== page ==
The importance of anchors to their surrounding neighborhoods is well known to many, but what qualifies as an anchor is not exactly agreed upon. To know where the most opportunity lies for anchors to help their communities, said Global Cleveland’s Joy Roller, “depends on how you define anchor institutions.” She defines it broadly as any organization impacted by population loss. For Howard, though, anchors are large place-based institutions, usually nonprofit with a social mission, usually large employers and strong local economic engines. Universities, hospitals, local governments, community foundations, and cultural institutions are prime examples.
According to Howard, anchors are truly rooted and have a vested interest in their surrounding communities. “Anchor institutions may reasonably be expected to be around in 100 years. Anchors take the long view and get dividends later,” says Howard. Companies can exhibit anchor-like behavior, but he “would exclude companies that stay in the area only when it makes sense for the investors. If the companies can be more profitable somewhere else, they will move.”
Others think we may be “too captive to the past,” one Philadelphia participant noted, “by limiting our definition of anchor institutions,” especially to the “eds and meds.” In fact, while universities and hospitals represent the legacy of the industrial wealth once enjoyed in Rust Belt cities, how and where they deliver services continues to evolve. Tom Schorgl of Community Partnership for the Arts agreed, noting that anchors can also be “neighborhood-based institutions or groups that provide an anchor in those neighborhoods.”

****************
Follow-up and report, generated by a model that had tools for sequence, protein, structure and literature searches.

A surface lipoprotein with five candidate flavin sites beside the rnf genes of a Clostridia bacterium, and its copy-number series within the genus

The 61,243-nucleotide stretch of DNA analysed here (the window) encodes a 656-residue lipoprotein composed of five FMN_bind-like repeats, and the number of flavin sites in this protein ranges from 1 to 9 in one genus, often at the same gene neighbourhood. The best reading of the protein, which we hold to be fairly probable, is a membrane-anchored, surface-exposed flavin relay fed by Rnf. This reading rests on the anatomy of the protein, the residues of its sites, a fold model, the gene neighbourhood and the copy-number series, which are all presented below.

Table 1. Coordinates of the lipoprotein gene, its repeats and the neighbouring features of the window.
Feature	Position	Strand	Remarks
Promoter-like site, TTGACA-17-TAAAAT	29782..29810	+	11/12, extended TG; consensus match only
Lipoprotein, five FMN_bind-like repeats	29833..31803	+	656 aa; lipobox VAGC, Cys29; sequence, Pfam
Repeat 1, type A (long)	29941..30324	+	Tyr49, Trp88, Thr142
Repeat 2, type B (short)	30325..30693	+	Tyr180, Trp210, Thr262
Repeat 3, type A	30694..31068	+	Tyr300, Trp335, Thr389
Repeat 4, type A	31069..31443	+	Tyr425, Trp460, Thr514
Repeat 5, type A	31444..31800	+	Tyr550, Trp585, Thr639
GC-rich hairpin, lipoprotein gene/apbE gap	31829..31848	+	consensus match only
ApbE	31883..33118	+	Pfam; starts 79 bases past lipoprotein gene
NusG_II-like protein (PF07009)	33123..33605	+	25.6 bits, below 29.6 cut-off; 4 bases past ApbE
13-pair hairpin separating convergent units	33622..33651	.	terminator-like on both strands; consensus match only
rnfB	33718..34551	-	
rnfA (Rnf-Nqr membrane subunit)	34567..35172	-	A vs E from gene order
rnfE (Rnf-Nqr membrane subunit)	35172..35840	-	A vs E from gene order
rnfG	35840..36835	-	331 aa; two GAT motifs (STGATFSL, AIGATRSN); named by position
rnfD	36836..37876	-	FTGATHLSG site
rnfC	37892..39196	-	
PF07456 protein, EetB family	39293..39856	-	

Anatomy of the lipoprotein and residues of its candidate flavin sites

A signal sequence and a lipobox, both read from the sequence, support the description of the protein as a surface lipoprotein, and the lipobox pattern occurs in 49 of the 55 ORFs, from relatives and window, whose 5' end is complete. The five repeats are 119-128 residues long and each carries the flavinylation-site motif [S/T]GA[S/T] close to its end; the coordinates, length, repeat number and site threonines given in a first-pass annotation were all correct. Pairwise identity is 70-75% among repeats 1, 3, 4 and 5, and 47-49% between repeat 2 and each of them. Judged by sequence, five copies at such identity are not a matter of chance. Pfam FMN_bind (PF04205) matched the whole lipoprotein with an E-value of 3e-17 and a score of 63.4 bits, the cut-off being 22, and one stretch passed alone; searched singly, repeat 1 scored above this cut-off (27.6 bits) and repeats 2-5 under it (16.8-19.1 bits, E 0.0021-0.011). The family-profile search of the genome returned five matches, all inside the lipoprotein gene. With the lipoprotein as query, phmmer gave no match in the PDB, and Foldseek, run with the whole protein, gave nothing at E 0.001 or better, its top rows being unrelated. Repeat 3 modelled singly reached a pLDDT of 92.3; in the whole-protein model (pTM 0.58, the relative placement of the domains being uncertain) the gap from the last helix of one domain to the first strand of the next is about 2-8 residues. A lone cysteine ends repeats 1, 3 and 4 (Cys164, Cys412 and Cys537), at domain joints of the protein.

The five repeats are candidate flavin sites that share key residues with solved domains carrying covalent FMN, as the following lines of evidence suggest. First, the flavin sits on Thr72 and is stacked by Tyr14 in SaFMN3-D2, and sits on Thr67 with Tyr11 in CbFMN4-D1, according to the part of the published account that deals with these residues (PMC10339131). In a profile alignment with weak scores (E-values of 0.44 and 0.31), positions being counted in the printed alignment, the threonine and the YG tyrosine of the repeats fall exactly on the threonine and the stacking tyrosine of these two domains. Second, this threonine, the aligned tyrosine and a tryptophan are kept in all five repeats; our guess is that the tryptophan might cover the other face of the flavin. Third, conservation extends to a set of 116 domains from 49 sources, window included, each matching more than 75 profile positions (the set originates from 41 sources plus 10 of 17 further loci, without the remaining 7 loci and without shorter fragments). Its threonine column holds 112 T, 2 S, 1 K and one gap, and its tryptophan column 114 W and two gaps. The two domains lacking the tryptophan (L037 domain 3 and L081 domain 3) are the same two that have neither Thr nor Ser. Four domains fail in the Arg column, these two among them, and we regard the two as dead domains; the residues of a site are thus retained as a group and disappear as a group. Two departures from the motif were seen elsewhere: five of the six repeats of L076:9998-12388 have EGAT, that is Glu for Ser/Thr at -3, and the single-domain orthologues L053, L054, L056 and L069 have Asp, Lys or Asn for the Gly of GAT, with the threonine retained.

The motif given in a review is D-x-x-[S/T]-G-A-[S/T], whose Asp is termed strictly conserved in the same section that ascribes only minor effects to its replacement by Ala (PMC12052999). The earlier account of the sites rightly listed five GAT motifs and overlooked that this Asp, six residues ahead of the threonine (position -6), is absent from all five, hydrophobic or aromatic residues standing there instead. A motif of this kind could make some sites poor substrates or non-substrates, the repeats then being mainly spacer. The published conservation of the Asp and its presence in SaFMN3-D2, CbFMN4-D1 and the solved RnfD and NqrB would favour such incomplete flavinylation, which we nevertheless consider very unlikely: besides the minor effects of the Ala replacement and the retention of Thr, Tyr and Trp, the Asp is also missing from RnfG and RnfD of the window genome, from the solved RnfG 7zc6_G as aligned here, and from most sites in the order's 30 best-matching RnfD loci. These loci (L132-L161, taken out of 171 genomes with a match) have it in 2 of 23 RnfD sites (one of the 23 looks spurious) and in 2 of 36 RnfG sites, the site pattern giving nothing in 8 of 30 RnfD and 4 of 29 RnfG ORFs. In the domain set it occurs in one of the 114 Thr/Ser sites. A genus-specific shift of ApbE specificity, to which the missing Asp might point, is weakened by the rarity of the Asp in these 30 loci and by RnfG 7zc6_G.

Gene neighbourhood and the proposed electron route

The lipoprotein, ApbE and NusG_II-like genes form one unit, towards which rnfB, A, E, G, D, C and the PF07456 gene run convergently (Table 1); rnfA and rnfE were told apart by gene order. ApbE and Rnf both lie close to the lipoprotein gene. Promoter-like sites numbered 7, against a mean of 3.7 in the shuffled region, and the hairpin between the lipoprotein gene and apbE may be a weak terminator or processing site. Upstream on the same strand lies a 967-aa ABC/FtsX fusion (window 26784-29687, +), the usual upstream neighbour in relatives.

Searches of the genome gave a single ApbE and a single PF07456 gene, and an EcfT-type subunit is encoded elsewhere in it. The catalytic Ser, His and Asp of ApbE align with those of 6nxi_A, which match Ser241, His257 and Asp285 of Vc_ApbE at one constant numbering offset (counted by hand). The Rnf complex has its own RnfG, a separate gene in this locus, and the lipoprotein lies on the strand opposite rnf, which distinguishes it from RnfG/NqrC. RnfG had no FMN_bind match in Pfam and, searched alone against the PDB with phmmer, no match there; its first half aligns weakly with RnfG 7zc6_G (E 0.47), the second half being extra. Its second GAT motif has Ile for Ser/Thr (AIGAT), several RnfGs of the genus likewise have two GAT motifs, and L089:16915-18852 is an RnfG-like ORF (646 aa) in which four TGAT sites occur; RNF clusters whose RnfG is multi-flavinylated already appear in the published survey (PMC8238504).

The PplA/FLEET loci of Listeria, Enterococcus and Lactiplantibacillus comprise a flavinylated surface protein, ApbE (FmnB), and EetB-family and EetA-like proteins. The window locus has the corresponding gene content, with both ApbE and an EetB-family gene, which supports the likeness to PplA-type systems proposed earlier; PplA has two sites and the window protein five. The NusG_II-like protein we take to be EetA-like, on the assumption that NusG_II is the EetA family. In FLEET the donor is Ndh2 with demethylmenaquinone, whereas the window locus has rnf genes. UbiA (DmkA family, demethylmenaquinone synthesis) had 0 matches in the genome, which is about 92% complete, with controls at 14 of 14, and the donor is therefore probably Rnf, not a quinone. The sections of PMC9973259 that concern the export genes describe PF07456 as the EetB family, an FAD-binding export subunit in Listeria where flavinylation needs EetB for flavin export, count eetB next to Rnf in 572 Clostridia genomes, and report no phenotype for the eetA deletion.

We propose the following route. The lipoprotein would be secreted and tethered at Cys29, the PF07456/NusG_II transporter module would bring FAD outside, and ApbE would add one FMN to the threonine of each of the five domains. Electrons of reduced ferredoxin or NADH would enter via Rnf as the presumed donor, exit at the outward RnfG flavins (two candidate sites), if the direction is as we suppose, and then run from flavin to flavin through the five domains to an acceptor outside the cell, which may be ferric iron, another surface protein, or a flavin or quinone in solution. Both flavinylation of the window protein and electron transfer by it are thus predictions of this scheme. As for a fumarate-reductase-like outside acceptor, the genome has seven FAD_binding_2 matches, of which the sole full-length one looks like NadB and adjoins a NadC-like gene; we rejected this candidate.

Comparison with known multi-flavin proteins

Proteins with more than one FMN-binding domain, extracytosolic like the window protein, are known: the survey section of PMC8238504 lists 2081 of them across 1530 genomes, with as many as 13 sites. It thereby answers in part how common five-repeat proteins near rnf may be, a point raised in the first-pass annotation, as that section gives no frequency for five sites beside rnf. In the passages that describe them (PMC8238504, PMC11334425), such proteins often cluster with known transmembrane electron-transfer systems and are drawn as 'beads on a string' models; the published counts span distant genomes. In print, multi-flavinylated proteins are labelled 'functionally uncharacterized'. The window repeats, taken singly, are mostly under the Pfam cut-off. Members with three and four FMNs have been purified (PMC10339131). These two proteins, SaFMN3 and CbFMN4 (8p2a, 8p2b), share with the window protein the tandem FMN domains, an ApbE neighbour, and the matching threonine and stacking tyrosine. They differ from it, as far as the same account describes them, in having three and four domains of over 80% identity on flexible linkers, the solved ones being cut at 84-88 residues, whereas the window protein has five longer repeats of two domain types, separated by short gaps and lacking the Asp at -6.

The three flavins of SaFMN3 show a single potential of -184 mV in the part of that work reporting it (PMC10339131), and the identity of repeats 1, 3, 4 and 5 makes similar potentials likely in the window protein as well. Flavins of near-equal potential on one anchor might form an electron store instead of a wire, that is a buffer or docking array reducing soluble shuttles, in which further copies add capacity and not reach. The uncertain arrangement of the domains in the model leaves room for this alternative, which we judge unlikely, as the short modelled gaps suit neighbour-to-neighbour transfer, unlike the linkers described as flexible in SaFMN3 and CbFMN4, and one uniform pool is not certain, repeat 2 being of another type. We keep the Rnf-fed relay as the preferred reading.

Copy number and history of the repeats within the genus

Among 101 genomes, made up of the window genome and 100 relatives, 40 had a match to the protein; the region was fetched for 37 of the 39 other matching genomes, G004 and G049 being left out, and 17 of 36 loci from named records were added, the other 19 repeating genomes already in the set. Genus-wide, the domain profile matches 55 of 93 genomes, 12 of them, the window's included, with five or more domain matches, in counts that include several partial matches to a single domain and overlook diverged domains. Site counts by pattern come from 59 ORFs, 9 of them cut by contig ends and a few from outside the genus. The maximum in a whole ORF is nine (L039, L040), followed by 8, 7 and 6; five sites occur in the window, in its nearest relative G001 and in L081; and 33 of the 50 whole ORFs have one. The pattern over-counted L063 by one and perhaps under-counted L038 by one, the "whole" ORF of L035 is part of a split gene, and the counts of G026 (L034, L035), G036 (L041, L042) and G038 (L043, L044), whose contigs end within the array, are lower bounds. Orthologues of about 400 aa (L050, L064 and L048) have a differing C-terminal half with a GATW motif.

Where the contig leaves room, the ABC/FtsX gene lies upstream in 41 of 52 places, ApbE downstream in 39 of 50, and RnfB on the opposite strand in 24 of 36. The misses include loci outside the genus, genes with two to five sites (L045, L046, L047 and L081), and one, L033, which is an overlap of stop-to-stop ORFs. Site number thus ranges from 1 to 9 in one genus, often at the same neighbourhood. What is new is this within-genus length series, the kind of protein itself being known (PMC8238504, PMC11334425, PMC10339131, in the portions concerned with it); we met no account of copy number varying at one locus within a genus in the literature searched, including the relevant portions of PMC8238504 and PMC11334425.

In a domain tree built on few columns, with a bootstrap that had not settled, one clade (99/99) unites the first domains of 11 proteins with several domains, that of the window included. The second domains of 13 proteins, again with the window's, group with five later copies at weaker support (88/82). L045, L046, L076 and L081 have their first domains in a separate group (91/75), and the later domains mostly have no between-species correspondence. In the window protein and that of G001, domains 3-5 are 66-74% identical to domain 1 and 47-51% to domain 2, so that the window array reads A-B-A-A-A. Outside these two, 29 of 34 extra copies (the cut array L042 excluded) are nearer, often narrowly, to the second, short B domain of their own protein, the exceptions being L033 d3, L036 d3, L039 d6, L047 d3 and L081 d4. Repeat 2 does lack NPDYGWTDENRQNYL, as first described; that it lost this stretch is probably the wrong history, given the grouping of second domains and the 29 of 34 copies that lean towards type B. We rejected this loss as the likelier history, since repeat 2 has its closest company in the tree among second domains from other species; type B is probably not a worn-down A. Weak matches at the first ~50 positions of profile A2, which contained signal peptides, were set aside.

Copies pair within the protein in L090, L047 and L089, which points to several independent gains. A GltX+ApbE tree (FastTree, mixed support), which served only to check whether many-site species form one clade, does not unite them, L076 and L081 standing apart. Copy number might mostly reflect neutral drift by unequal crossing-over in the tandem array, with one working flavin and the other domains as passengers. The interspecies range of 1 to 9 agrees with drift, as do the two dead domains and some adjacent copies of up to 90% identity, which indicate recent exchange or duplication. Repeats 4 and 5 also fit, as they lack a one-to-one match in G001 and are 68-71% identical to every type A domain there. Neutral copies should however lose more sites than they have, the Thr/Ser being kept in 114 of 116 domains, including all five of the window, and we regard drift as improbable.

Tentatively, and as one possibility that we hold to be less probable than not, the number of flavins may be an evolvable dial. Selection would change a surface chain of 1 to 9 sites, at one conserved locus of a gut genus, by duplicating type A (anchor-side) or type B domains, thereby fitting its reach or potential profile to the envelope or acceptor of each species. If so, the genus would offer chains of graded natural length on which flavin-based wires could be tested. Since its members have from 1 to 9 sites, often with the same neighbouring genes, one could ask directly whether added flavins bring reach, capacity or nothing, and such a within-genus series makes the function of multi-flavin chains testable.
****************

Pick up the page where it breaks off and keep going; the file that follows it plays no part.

How anchors support the economy
However you define anchors, the definitions have one thing in common: anchors spur economic activity in and around them. According to Howard, anchors and their largely untapped potential in procurement spending have the power to change whole markets and transform the local community. For example, under its Vision 2010 plan, the University Hospital system in Cleveland spent $1.2 billion on construction of new facilities. Over 90 percent of the contractors used were local companies, 17 percent of them minority-owned businesses. Close to 20 percent of the workers were local residents. The system worked with 110 small companies during construction and it continues to work with 30. Anchor institution strategies help fill the economic void in the absence of big companies.
For Howard, “if an economy is going to improve in an area, it needs to include everybody in the improvement.” For this to happen, business, human capital, and community needs must be in alignment. Yet there is more work to be done on this front. “You can stand at the front door of any major hospital in an urban area, and it’s a beautiful facility,” says Walter Wright of the Cleveland Foundation. “Walk 100 yards in one direction and you can be in deep poverty.”
Some see an uneven power dynamic between anchors and community residents. Anchor strategies can lead to gentrification, which eventually pushes local residents out of the community. “There is a history that needs to be overcome,” Howard says. “There is a great feeling still that institutions don’t care about us, aren’t for us, or are out to get us.”